Boy-Girl Parties and the NFL

     The National Football League is thinking about taking an idea that
originated in my childhood and using it to improve games.  The explanation
is complicated.
      The internet and quarantine have given all of us ample opportunity
to re-connect with various people.  Some of these people are Bonnie, Jinger
and Sharon.
      The last time I saw Bonnie, Jinger and Sharon could have been at our
30 year high school reunion, which was about 35 years ago.  So you’ll understand
if my memory is a bit shaky.
      So a few days ago an issue from our childhood came up after we figured
out how to re-connect, no easy task for the male in our group.
      Someone wanted to know if we remembered “boy-girl” parties
that were held in the basement of someone’s home.
 
     I don’t remember exactly the party the girls (now grandparents)
were talking about, but I remember what the parties were like, more or less.  We were
driven there by our fathers, dropped off and told to be ready to leave in a couple of
hours.
     Sometimes the fathers drove both a boy and girl to the party in the same car, but
we sat on opposite sides of the back seat. (This, by the way, is where
safe-distancing originated.)
      Once we got to the party, the girls would stay on one side of the
basement talking, presumably about the boys and how cute they were.
The boys, on the other side of the basement, would congregate and talk
about baseball cards.
      Our conversations were way more interesting because a debate over
whether Willie Mays was a better player than Mickey Mantle could erupt at
any time, far surpassing the level of discussion on the other side of the basement
about whether Stuie was cuter than me.
 The drama, what little there was, came when the discussions ebbed,
the slow music started  and a boy slowly, tentatively approached a girl and asked
if she wanted to dance.
      I pause here to relate an incident that has remained indelibly etched in
my mind.  There was another time when we were standing around when Marv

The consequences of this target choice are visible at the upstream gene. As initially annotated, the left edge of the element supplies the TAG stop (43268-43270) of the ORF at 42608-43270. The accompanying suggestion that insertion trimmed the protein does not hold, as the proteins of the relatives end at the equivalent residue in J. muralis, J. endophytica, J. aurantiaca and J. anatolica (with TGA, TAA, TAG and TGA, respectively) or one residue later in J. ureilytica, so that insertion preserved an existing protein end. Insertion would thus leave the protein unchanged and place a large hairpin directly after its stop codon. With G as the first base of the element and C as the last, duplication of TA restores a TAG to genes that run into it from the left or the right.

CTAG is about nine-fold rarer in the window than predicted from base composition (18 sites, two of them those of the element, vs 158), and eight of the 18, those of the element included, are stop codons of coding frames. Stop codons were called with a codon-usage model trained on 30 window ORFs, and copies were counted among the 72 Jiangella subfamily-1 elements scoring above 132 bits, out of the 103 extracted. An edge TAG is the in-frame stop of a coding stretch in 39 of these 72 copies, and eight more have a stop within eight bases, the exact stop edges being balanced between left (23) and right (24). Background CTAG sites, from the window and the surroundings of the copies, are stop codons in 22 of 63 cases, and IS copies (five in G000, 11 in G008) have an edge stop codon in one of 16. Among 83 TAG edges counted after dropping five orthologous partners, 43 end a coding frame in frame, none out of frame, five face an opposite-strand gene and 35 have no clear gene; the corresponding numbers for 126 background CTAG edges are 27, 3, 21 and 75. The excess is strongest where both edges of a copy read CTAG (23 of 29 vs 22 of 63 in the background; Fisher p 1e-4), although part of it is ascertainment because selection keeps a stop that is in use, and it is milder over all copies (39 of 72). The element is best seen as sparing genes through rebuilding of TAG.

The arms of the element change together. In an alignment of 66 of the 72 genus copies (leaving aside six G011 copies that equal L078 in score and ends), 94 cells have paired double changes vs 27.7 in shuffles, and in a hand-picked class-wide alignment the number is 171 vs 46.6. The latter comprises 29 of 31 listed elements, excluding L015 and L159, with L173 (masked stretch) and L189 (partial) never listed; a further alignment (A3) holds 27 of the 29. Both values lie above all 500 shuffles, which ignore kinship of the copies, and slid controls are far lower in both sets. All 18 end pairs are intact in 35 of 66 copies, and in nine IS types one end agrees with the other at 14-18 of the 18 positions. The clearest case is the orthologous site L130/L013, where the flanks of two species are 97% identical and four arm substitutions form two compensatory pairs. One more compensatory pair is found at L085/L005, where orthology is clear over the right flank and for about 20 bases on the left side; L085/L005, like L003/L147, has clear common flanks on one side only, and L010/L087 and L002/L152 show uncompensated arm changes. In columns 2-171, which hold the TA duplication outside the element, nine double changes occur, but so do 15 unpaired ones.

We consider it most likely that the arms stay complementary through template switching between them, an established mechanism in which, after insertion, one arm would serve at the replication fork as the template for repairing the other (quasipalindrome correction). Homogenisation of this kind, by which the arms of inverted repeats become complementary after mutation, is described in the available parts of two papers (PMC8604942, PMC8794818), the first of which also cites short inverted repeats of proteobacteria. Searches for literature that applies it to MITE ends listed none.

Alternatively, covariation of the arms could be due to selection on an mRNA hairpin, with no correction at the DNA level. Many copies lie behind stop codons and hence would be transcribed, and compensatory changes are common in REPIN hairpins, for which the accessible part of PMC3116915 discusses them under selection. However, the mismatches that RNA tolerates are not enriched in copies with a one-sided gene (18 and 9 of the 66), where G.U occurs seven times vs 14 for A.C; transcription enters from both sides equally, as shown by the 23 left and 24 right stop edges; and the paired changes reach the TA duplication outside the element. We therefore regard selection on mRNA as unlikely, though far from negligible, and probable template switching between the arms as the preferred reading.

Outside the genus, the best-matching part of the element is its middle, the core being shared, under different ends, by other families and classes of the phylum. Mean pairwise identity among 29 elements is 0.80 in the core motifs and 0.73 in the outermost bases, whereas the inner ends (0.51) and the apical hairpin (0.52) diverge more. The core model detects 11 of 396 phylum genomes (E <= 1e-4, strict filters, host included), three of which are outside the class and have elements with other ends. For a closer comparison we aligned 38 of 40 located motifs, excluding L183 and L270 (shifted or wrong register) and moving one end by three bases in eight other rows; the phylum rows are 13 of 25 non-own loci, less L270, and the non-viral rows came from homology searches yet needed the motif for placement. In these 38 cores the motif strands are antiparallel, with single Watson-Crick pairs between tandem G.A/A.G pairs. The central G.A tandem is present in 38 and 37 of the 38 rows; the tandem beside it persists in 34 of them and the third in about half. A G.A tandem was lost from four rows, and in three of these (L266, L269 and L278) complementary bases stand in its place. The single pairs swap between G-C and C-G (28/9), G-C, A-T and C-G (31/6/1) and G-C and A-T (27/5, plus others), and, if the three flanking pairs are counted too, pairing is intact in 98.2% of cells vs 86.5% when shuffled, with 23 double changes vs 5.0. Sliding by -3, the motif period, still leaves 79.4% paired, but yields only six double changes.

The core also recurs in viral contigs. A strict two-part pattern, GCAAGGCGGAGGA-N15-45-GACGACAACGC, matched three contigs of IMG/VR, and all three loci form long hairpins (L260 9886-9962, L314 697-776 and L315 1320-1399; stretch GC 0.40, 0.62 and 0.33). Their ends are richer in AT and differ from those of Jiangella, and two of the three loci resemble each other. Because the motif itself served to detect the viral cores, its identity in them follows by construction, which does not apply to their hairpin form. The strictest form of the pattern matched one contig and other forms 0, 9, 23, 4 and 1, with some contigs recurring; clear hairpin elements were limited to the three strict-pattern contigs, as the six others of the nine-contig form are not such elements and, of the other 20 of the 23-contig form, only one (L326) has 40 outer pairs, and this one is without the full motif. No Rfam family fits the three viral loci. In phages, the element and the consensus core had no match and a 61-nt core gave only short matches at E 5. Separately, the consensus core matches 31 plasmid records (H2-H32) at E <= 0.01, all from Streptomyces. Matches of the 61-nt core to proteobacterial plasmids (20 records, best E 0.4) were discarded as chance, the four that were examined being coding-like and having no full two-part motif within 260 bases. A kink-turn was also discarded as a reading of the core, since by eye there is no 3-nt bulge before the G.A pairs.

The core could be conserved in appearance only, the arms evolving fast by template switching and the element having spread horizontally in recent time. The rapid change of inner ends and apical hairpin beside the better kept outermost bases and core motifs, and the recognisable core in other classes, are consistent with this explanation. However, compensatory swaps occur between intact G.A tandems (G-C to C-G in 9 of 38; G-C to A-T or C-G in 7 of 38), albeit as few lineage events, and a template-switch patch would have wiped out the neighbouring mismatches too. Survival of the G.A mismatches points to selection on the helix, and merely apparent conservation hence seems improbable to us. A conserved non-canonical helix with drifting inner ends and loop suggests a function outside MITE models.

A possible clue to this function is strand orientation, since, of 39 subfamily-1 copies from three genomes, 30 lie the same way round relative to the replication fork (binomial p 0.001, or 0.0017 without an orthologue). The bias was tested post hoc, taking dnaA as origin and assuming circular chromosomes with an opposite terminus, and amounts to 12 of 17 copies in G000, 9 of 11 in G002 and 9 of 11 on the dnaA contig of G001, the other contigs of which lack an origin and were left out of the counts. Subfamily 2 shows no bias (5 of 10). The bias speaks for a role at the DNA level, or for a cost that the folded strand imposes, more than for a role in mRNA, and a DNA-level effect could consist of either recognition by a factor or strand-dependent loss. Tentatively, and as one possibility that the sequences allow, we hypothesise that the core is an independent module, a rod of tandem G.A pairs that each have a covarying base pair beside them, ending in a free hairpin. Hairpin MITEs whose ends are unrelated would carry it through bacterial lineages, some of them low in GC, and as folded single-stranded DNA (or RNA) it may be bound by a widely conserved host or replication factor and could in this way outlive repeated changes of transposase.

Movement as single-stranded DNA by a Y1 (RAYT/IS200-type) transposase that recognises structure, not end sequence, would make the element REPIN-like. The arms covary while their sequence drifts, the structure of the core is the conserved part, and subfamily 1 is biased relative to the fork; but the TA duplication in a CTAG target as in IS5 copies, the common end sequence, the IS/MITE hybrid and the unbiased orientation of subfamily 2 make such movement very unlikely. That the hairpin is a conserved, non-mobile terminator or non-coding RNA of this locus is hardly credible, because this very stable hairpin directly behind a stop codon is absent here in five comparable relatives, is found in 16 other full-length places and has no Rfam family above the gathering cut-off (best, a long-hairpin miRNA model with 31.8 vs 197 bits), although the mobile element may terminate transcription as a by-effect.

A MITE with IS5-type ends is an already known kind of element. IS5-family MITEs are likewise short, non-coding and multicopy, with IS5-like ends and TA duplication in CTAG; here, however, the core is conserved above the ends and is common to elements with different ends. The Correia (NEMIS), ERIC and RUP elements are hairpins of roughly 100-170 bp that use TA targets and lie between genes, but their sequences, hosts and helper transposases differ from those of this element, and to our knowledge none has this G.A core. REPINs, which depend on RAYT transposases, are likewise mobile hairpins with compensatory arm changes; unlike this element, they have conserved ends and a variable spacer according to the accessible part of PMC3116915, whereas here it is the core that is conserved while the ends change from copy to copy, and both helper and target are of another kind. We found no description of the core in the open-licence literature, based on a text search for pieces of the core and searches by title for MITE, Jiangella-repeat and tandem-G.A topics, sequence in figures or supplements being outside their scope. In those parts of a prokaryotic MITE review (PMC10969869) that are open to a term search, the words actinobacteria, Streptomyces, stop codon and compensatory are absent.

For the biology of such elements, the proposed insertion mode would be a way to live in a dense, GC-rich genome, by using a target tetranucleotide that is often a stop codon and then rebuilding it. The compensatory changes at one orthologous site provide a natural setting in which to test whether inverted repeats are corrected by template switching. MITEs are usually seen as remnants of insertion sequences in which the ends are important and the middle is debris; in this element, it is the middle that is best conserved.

approached a girl and asked, “Would you like to dance?”  She gave him the
once over and replied, “With who?”  
      You can see why you would never forget something like that, which
also led to a hesitancy to interact with women that lasted well into my 40s.
      Back to the slow dancing music.  Eventually the boys and girls put
aside their childlike discussions, paired off and, if you were lucky, you could
rub against your partner.  That’s from a boy’s perspective.  I don’t know what
the girls were thinking, but none of them, if I correctly recall, ran screaming
from the basement yelling about over-rubbing.
      Which brings us to the National Football League.  The NFL is thinking

of using a “sky judge,” someone who sits high above the action and could

overturn any obvious erroneous calls downstairs.
      We had a “sky judge” in those days.  The judge was called “mother.”
She would come down the stairs from far above and say something
like, “You kids having a good time?”  It turns out she wasn’t interested
in us having a good time. That was the last thing she wanted.  If you
were having too good a time in the rubbing situation, she would call
 your name and ask if you wanted some crackers.  Mothers knew
 how to kill a good mood, much like an NFL referee killing a good
play because of a penalty.
      As the evenings grew later, mothers on the cracker patrol would
return with greater frequency.  When the crackers ran out, it was time
to leave, as the fathers would be at the front door to put an end to the
boy-girl parties.
      I don’t know who’s going to be the first NFL “sky judge.”
But it wouldn’t surprise me if they came with a bowl full of crackers. 
     
     
 

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